When the going gets tough, the tough switch into problem-solving mode.
The ongoing inflationary environment has spared no one. Tech giants, like Meta and Amazon, have resorted to laying off employees. Companies are reevaluating their spending, initiating hiring freezes and becoming more frugal. In times like these, employees need someone at the helm who knows how to navigate such a season without drowning the company, unlike Elon Musk, who appears to be taking Twitter down for good.
In keeping with that, we look at how different CEOs have handled the stress and how you can, too.
Start cutting costs
“We shouldn’t always equate fun with money,” Google CEO Sundar Pichai declared about cost-cutting measures during an internal “all-hands” meeting in New York. Due to high interest rates and economic pressures, tech giant Google has had to review its internal functioning to save money, and one way Pichai has found to do so is by cutting costs. This includes less travel and leisure spending and frugal office parties. While this might seem frivolous, employees were visibly irked by these measures as they blamed the CEO for “nickel-and-diming” them.
Another way companies are cutting costs is by cutting headcounts. For instance, Apple CEO Tim Cook and Amazon CEO Andy Jassy have initiated hiring freezes to reduce expenses. Cook dubbed this strategy as “very deliberate” during an interview. The company is prioritizing spending by only hiring where it deems necessary, like in its research and development department.
A great takeaway from Pichai’s handling of this situation is that he involved employees in strategizing. He introduced a “Simplicity Sprint” that asked nearly 180,000 employees to come up with ideas to get better results faster and eliminate waste. This is crucial because involving employees can help improve collaboration and bring everyone on the same page. Plus, one survey found that over 80 percent of people attributed failures in the workplace to a lack of proper collaboration and communication.
When faced with challenging circumstances, your primary recourse might be to adopt a temporary solution that provides immediate relief, like a band-aid solution. However, that might not bode well in the long term, setting you up for failure. Cook revealed, “We believe in investing through downturns—we’ve always done that. We’ve always found out that it made us stronger on the other side.” For him, it is important to invest while being mindful of where the money goes.
While thinking long-term might feel ridiculous when your short-term outlook is all up in flames, you must remember that this wave will pass at some point, and starting from scratch is not pretty.
You might have some great projects or infrastructural developments in the pipeline that would boost profitability. However, now is probably not the best time to go ahead with them, as you could refocus the money on optimizing existing successful projects.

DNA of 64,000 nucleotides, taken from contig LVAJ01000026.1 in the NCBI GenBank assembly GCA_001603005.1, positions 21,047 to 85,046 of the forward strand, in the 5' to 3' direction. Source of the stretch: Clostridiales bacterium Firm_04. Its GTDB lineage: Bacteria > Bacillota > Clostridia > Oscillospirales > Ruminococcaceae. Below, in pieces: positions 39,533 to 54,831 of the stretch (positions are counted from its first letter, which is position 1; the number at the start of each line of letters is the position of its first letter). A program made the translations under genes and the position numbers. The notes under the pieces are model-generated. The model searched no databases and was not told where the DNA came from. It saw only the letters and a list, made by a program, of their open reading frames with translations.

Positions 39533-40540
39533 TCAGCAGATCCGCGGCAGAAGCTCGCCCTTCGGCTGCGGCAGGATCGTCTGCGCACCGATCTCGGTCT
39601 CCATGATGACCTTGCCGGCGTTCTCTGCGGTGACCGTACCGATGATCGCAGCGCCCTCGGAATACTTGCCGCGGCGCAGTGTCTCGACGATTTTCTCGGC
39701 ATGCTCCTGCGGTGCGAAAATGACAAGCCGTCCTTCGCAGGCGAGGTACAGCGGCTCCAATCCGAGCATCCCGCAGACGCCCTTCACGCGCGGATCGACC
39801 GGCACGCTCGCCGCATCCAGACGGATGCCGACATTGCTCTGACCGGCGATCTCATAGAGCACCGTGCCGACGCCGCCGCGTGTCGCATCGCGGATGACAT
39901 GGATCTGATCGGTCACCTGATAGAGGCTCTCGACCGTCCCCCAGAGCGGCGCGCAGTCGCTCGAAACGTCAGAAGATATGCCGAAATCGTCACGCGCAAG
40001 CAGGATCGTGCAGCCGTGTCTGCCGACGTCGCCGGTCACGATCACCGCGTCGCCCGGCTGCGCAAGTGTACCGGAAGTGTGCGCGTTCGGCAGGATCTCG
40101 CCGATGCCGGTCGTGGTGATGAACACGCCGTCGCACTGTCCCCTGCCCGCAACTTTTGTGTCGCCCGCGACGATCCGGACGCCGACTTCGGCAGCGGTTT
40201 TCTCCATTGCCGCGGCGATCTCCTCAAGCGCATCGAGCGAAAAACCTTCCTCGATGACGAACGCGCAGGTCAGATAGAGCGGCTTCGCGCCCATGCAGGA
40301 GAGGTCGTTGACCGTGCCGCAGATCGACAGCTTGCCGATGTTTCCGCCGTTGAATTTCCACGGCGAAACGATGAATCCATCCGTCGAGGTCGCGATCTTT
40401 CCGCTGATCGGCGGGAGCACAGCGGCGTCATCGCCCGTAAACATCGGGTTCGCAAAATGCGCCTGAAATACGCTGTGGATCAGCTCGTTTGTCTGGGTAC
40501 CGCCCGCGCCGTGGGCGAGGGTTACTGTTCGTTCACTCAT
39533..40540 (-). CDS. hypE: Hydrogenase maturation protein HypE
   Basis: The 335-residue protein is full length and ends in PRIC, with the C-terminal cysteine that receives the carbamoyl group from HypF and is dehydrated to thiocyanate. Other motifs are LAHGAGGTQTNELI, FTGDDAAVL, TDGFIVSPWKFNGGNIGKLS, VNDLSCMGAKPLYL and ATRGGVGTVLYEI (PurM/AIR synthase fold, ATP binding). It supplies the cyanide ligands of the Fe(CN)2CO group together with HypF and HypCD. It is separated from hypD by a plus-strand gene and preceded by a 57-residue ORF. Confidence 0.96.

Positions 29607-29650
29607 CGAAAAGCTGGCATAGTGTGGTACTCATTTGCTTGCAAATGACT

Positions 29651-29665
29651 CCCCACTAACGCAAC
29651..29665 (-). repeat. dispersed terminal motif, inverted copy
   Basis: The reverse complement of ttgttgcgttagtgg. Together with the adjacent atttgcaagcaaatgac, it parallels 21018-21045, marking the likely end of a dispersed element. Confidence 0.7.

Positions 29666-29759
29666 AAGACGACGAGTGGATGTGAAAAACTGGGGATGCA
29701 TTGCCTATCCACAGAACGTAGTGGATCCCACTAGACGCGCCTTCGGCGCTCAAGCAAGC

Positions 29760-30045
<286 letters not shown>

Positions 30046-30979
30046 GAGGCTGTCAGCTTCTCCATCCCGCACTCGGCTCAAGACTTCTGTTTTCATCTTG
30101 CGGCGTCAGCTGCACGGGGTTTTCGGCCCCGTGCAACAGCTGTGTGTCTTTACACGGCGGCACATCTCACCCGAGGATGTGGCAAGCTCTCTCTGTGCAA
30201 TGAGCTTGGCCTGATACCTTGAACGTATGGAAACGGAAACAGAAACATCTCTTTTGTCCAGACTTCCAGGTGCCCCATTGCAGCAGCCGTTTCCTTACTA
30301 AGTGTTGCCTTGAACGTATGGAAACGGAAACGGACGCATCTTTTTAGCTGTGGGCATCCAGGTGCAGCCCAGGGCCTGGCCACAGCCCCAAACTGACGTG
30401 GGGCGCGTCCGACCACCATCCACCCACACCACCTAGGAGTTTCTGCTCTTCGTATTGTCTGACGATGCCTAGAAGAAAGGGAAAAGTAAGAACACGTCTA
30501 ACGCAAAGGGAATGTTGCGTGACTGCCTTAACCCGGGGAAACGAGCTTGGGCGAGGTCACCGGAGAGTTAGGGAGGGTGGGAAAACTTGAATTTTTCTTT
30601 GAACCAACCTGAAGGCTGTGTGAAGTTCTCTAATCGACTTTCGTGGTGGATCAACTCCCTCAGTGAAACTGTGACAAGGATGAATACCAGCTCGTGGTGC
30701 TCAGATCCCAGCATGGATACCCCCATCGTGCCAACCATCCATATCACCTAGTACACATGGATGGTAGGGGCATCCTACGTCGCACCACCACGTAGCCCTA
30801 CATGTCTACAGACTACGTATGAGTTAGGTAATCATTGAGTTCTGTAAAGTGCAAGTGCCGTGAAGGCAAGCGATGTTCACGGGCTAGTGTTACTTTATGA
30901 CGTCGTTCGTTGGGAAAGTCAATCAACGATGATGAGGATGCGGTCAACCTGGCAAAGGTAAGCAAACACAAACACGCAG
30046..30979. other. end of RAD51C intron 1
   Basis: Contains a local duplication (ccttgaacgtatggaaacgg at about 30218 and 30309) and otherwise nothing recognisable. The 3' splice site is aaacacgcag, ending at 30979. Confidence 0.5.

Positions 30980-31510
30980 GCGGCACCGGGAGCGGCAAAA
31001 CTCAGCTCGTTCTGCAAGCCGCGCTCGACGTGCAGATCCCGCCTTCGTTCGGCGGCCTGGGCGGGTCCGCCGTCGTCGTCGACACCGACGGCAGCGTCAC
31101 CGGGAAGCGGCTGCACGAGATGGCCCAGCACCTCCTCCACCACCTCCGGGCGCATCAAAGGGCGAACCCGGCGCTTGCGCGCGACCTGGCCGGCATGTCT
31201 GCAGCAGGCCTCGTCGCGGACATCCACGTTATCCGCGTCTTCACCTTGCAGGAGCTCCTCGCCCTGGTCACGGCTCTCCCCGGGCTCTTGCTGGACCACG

For instance, Amazon CEO Andy Jassy detailed, “We’re trying to defer building activity on properties where we just don’t need the capacity yet and we’re going to let some leases expire as well. But I’m also quite confident we’ll grow into this footprint.” Google, too, has canceled some new launches, such as that of its next-gen Pixelbook laptop, and reduced funding for its in-house incubator.
As ugly as it may seem, you might need to increase prices to cope with inflation and pump money back into your company. For instance, Apple raised the prices for many of its apps on the app store outside the United States. Evidently, in times like these, a CEO has to take the tough call to push up costs to stay afloat.
The President of Personal Insurance Company Travelers, Michael F. Klein, said, “Our primary response to the environmental challenge of inflation is higher pricing.” And that appears to work for the companies.
What should you definitely not do during such a period?
- Not communicating with your employees. If you don’t tell your employees what your plan or strategy is, they will feel neglected and might even start to panic and speculate.
- Not doing anything at all. In most cases, you cannot stay the same and hope to ride the tide and come out on the other side. Depending on the industry you are in, make sure you take adequate steps to build a safety net for your business.
- Drive your business to the ground and scare employees. Now that Twitter is going bust, there is plenty to learn from Elon Musk on what not to do. By initiating layoffs out of the blue, changing the internal functioning model and overworking employees, Musk has driven its staff to quit, leaving the social media platform as a skeleton of what it used to be.
The ongoing inflationary pressures are expected to bleed into the upcoming years. All things considered, CEOs should remain poised to deal with challenges and have a sustainable strategy in place to avoid a boom and bust situation.
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